Subject: BOCA - ioAT66 driver for NetBSD-1.3 (long)
To: None <tech-kern@NetBSD.ORG>
From: Lucio de Re <email@example.com>
Date: 01/07/1998 17:30:46
BOCA make a very poorly documented unintelligent serial card, they call
the ioAT66, with six 16550-look-alike UARTS.
I have modified the existing BOCA driver for this particular card, and,
within certain restrictions into which I will delve below, it seems to
Is there any interest out there for this particular driver? I managed
to streamline some of the existing code, possibly not to any great
degree, and it may be worth retrofitting the changes to the other
multiport card drivers... Let me know, anyone.
Now for some of the issues that were raised, probably through too
little understanding on my part of how device drivers and the CONFIG
utility are meant to interact:
1. Each individual UART on the ioAT66 can be configured to one of two
I/O ports and one of two interrupt request levels, the first interrupt
level is fixed and unique (on the adapter) for that port, while the
alternative is one of two choices, and the choice is the same for all
ports. This second IRQ is, in other words, shared by all ports that
have been set to share it.
2. To complicate the issue, one of the fixed IRQs is "4", which also
happens to be one of the two choices (the other is "5") for the shared
interrupt. This allows some very peculiar configurations.
3. In addition, there is a STATUS register that reports which port
currently requires interrupt servicing. I have not checked this, but I
am pretty certain that this notification is independent of the
selection of a shared or individually specified interrupt level. The
adapter manual lies rather forcefully about the polarity of the
indication: a one bit, despite BOCA's protestations, represents an
actively interrupting UART and the two unused bits are permanently zero.
4. The first four UARTs may be set to the conventional COM1 through
COM4 ports, although the choice of IRQ10 and IRQ11 is less traditional.
The next two ports have more unconventional addresses and fixed IRQs.
I only noticed recently that one can use the shared IRQ for any one
UART and that by choosing the shared IRQ to be "5" one gets yet one
more configuration option. I was baffled by the fact that in a
previous configuration, I could not successfully use the fourth port,
but of course it clashed with IRQ 11 which is used, I think, by the PCI
bus/SCSI controller combination. I presume I can configure port 4 to
use the shared IRQ and set the latter to "5" and I will have all 6
Now, all this being said, I could not determine how to write the driver
so that, between the actual adapter settings and the contents of the
CONFIG file, it would be possible to use each port, irrespective of how
it was configured. The potential pitfalls are:
(a) The device driver has no mechanism to discriminate between standard
COM ports and those on the adapter it services. If the driver attempts
to service COM1 and it is not an adapter port, it will fail to do so
because the interrupt indicator flag in the STATUS register for that
port will not be set. Unless the NetBSD kernel chains interrupt
handlers so that the correct handler is called on such a failure, the
standard UART ports will become unusable. And this presupposes that
the conventional handler was configured correctly, earlier -
another possibility is to include the standard ports in the ioAT66
driver, trigger interrupts at probe time, determine which cause the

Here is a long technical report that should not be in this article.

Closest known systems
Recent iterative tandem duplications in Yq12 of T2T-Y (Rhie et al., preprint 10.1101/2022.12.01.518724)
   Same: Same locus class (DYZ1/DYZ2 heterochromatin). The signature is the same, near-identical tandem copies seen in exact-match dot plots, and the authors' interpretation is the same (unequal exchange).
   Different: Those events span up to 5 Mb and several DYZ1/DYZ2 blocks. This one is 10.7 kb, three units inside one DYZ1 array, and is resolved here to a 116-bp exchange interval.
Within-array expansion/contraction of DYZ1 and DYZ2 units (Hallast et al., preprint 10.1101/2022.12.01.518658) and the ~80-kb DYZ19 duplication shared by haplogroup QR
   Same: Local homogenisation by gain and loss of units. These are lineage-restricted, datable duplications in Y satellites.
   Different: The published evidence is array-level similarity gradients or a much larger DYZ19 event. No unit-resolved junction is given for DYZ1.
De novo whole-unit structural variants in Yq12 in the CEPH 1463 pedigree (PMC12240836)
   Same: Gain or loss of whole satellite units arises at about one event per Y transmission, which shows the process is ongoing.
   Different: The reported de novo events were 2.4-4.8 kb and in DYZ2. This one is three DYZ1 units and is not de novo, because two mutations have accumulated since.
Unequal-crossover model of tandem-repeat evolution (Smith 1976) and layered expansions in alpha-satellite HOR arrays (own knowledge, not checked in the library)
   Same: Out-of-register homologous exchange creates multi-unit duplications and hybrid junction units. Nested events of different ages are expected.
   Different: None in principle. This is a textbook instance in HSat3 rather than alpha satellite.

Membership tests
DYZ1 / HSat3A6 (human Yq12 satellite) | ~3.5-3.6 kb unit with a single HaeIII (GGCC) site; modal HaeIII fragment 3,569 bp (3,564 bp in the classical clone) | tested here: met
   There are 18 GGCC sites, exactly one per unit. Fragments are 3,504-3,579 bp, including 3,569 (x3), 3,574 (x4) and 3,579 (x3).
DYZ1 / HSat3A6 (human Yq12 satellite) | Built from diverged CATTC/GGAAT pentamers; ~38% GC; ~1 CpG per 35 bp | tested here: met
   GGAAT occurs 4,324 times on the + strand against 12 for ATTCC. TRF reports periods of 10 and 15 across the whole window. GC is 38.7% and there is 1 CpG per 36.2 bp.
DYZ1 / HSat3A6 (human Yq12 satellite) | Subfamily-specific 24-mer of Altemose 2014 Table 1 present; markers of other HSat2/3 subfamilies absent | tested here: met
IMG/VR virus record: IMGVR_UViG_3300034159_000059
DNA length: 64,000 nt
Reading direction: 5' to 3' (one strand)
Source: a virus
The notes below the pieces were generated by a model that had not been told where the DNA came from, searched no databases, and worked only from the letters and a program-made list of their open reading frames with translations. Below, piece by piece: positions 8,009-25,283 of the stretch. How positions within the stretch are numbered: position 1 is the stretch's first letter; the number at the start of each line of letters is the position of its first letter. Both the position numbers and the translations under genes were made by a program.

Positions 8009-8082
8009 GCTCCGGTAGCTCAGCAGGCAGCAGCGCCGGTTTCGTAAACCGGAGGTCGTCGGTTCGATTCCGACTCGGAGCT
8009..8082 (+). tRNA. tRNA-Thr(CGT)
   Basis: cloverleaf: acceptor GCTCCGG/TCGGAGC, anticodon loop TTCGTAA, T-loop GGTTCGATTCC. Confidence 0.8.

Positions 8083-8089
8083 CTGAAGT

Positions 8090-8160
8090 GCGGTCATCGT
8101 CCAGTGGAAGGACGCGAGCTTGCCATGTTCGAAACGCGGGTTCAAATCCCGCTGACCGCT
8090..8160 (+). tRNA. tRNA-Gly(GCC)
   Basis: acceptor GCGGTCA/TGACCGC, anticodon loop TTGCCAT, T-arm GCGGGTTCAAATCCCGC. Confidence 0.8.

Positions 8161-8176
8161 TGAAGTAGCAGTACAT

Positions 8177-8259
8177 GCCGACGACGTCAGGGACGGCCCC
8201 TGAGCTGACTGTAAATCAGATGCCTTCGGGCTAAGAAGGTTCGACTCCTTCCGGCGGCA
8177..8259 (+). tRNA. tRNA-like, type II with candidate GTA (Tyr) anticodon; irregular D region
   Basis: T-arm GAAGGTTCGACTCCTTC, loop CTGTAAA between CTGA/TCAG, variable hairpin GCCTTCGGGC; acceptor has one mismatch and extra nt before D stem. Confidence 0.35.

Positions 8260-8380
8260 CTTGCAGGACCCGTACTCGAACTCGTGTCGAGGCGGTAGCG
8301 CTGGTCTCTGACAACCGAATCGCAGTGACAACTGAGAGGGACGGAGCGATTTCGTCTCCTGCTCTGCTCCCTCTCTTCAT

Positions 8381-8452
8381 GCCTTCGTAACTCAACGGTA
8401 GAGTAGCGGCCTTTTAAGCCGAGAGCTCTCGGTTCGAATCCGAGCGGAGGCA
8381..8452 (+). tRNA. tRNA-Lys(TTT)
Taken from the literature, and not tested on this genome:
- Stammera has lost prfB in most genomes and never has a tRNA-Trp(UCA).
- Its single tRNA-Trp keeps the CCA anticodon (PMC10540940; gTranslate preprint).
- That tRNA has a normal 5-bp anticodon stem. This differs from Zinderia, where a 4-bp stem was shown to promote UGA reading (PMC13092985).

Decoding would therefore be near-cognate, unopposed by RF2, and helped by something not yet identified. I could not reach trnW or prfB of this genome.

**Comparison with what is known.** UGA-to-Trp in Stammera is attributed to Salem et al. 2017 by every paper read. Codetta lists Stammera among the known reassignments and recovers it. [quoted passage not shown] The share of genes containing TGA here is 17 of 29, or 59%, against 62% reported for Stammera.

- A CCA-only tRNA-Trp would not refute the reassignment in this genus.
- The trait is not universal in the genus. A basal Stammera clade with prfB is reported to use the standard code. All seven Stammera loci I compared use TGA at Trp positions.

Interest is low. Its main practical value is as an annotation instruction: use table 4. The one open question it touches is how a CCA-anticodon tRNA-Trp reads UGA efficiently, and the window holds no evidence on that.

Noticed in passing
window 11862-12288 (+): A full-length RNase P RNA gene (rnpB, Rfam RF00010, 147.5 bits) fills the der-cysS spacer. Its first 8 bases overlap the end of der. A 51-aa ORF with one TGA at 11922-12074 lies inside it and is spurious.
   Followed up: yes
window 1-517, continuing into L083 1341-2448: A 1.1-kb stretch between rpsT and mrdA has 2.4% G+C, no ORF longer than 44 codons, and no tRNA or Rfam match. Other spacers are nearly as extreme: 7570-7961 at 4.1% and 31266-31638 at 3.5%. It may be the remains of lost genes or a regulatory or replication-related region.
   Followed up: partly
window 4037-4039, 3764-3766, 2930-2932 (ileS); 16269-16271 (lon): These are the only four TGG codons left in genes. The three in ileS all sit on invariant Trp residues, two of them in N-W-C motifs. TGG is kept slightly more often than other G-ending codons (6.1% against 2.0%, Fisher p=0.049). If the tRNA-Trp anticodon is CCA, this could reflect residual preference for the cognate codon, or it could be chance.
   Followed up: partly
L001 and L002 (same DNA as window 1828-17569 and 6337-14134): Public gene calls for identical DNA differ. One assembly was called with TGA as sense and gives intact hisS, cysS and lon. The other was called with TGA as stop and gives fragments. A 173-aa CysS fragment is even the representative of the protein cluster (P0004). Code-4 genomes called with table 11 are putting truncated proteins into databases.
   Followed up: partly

STATUS register to report and which don't and attach two slightly
different interrupt handlers to the two different groups.
(b) Only with such convoluted probing is it possible to determine the
actual adapter configuration, and here is the point: I chose to make
certain assumptions about the configuration of the adapter, so as to
minimise the likelihood of misconfigurations. The first assumption is
that conventional ports are paired with (nearly) conventional IRQs:
COM1 and COM2 are taken to be standard, COM3 and COM4 nearly so, and
COM5 and COM6 merely extrapolate on this. The alternate ports are all
taken to use the chosen shared IRQ and aren't even considered for
probing if the IRQ specification in the configuration is left out. The
alternative port is tested first, making it possible for other drivers
to manage the conventional ports if they are excluded on the adapter.
(c) Any number of adapter configuration can trash this scheme, for
example, to match a current configuration, the third port would have to
be set up as 0x248/5 instead of 0x2E8/5, the latter would be forced to
0x2E8/11 and clash.
(d) The only alternative would be to find some means of describing in
the CONFIG file, the properties of individual slaves, not so much their
I/O address, where the choices are limited and mutually exclusive, but
the rather the selected IRQ (god forbid that this should then be wrong
(e) Another useful specification might, in this case, be whether we
want to incorporate the standard ports - we can handle them, as long as
we don't expect the STATUS register to give us any indication about
them - or, equally important, whether we should ignore them even if we
happen to detect them.
In summary, there are two options: a more complex mechanism to describe
adapters (I guess that's where PnP was meant to help) or the ability to
perform rather complex tests, including triggering and intercepting
interrupts, at adapter probing time. I think the former option
stretches into dangerous territory, while the latter could provide
additional robustness to other drivers. I'm not comfortable with
exploring this avenue, but with sufficient encouragment and support, I
may embark on it.
In the meantime, it has been fun to get this far, it would be a pleasure
to be able to contribute where so far I have only been a spectator.
Lucio de Re (firstname.lastname@example.org)
Disclaimer: I'm working at getting my opinions to agree with me.